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NEWS UPDATES Asean Affairs   31  March  2016  

TPP discussion with House may start next year

The government aims to start discussing the US-led Trans-Pacific Partnership (TPP) with lawmakers next year, demanding political feedback about its intention to join a trade deal that would cover 40 percent of the global economy.

Trade Minister Thomas Lembong said Monday that the government was now undertaking a public review of whether the country would join the TPP before discussing it further with the House of Representatives.

“Based on my estimates, we have to start political consultation with the House in the first half of next year,” he said after delivering opening remarks in a seminar held by the Centre for Strategic and International Studies (CSIS).

Thomas told reporters that while President Joko “Jokowi” Widodo had taken a clear stance that the country would join the US-led trade partnership, the government remained open to public feedback.

Jokowi first expressed Indonesia’s intention to join the TPP when speaking before representatives of a number of American companies during his first official visit to the US in October, resulting in mixed reactions in Indonesia.

Many believe that the TPP, which was signed by 12 countries in New Zealand last month, is set to reduce or eliminate most tariff lines to make prices of products more affordable for consumers of the member countries.

However, the trade pact’s degree of economic liberalization has made others concerned, including the House, which is especially concerned about state firms as the TPP will level the playing field for state-owned enterprises and private companies.

Twelve laws would need to be revised to allow for the implementation of the TPP here, raising more concerns about the supremacy of the trade deal, lawmakers have said. Among the laws are those on investment, state finances, state-owned enterprises, business competition and cooperatives.

Thomas added that Indonesia actually has considerable time to review the TPP as the pact’s member countries were now still in the ratification process to adjust their local laws with articles in the trade deal, meaning that implementation is not yet within sight.

Led by the United States, the TPP’s other signatory countries include Australia, Brunei Darussalam, Canada, Chile, Japan, Malaysia, Mexico, New Zealand, Peru, Singapore and Vietnam.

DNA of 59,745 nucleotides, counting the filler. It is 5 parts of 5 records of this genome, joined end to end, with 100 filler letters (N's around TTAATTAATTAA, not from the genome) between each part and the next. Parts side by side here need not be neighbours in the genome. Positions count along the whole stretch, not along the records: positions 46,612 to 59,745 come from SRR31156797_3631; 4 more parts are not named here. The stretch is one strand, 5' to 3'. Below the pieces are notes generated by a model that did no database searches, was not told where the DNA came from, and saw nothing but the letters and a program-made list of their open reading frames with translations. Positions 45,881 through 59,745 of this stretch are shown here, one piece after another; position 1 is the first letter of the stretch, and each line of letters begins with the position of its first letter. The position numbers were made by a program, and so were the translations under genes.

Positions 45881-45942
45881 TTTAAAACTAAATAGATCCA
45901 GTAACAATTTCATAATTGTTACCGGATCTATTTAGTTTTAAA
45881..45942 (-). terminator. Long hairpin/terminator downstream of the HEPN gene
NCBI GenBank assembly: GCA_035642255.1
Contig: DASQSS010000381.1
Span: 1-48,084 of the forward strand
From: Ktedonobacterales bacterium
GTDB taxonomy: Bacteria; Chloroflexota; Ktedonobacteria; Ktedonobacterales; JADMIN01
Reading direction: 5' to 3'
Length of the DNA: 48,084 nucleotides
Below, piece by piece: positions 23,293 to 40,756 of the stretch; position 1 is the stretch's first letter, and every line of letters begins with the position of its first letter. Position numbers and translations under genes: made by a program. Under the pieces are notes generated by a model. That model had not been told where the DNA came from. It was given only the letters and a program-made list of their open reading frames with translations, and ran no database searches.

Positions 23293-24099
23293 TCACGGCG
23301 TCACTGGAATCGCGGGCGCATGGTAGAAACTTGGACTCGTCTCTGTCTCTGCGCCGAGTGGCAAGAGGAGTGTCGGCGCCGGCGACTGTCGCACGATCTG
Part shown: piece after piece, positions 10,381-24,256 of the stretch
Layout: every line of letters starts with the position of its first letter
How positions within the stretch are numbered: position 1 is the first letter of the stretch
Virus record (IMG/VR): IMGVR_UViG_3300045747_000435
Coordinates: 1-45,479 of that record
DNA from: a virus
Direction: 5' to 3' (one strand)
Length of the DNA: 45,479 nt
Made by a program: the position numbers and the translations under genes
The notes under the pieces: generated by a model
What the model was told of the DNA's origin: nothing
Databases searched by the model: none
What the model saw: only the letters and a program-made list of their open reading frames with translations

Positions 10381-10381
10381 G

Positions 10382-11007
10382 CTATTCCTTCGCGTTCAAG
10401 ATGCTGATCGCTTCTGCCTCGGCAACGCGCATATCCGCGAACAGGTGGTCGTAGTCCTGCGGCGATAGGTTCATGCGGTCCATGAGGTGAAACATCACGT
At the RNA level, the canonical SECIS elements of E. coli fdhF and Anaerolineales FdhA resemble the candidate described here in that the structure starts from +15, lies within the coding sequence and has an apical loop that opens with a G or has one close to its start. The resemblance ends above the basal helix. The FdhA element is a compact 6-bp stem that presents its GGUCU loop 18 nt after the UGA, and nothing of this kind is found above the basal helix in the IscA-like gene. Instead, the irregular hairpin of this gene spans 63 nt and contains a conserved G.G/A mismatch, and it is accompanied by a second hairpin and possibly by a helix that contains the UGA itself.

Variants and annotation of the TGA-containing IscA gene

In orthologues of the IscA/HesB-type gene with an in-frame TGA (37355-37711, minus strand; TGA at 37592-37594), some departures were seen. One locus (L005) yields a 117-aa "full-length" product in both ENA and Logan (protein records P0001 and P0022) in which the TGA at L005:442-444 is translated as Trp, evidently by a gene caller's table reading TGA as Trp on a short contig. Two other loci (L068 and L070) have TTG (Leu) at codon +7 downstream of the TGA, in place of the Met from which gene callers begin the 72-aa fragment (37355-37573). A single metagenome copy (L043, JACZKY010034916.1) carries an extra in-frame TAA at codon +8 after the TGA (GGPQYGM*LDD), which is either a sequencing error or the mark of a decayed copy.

The economic partnership, dubbed a 21st century trade pact, will also cover fair competition between state and private firms, intellectual property rights and investor-state dispute settlement (ISDS).

The chairman of the international trade division of the Indonesian Employers Association (Apindo), Yos Adiguna Ginting, said that it had become inevitable for the country to join the TPP because of the opening of access to the global economy, but Indonesia should remain cautious and demand flexible implementation.

Indonesia’s exports to current TPP member countries accounted for 43 percent of Indonesia’s total exports and its imports from the TPP countries made up 61 percent of total imports, said Yos.

“In the case of Indonesia, meanwhile, I think we need to request accelerated and slowed phases of tariff reduction. The agriculture sector, for example, is one that needs more time,” he added.

Todd Dias, the economic secretary at the Australian Embassy in Indonesia, said that he was optimistic that there would be flexibility for new countries willing to join the TPP, although there was not yet a fixed regulation on the matter.

Dato’ Steven CM Wong, the deputy chief executive of Malaysia’s Institute of Strategic and International Studies, said that the first thing to do in reviewing the TPP was to determine the national interest.

Wong said that Malaysia’s decision to join the TPP was also based on consideration that the country already had free trade agreements with most Asian countries and the European continent, but not with those on the North and South American continents.

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This year in Thailand-what next?

AseanAffairs   04 January 2011
By David Swartzentruber      

It is commonplace in journalism to write two types of articles at the transition point between the year that has passed and the New Year. As this writer qualifies as an “old hand” in observing Thailand with a track record dating back 14 years, it is time take a shot at what may unfold in Thailand in 2011.

The first issue that can’t be answered is the health of Thailand’s beloved King Bhumibol, who is now 83 years old. He is the world's longest reigning monarch, but elaborate birthday celebrations in December failed to mask concern over his health. More






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